Five Things You Never Knew About Orchids in Honor of Fairchild's Million Orchids Project
It may seem like orchids are everywhere in Miami. The tropical treasures jump out at us from roadside stands; peer down delicately from treetops; add a colorful hue to many a Florida room. But as it turns out, there used to be a whole hell of a lot more orchids around here than there are now. Like, millions more.
Courtesy of Fairchild Tropical Botanic Garden Encyclia tampensis.
Most of the orchids you see around town aren't native species -- the originals were decimated by people picking and exporting them back in the day. But Fairchild Tropical Botanic Garden aims to change all that with their Million Orchid Project. They'll be propagating a million new plants in their shiny new lab, then working with local schools and municipalities to cover the city with these lush blooms. In honor of this ambitious endeavor, here are a few things you probably didn't know about the beautiful blossoms.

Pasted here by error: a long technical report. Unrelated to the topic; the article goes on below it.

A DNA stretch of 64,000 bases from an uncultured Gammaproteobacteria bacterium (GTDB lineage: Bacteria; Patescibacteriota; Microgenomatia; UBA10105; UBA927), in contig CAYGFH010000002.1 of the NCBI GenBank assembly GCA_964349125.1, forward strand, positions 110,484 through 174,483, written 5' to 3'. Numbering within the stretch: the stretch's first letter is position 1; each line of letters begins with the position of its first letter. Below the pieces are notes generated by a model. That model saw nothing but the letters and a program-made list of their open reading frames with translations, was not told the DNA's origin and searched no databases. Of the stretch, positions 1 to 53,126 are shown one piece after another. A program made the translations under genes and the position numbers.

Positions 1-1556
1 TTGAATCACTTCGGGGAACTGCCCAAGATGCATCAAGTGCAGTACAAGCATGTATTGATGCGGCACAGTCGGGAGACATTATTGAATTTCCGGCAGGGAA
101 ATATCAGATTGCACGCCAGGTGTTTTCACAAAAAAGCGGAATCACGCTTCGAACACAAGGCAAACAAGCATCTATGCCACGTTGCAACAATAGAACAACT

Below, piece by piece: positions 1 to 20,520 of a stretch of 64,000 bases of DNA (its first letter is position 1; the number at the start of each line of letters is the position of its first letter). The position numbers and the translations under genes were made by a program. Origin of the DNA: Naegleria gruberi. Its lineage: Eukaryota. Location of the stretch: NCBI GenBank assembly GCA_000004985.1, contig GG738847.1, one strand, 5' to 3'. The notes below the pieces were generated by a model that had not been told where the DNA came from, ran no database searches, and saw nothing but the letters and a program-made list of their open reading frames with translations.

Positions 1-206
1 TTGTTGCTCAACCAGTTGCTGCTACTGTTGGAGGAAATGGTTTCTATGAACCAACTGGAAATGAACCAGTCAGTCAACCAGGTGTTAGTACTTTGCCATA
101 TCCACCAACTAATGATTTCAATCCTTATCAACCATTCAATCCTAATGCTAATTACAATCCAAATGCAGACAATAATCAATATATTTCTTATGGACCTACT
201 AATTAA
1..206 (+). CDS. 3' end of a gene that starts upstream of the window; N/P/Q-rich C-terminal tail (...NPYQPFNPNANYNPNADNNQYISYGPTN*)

5. Orchids make excellent city dwellers.
Fairchild Director Dr. Carl Lewis originally got the idea for the Million Orchid Project from a trip to Singapore, where he saw them doing something similar. Turns out, the orchids are thriving, right in the middle of the metropolis.
"What caught my attention is that they were not just planting those orchids in forest environments, but putting them in the middle of the city among the skyscrapers and some of the busiest streets of Singapore. They're all orchids that grow on trees, so they actually coexist very well in an urban environment as long as there are street trees," Lewis says.
4. There are about 50 orchid varieties native to South Florida. But they're not necessarily the ones you see most often.
Courtesy of Fairchild Tropical Botanic Garden Micropropogation of orchids
The ones you buy on the roadside, for instance, are mass produced elsewhere, Lewis says. Most of the area's original natives were decimated decades and decades ago.
"We are working with an initial group of three species that would have been fairly common around here 150 years ago," he says. "As the project progresses we will probably add more."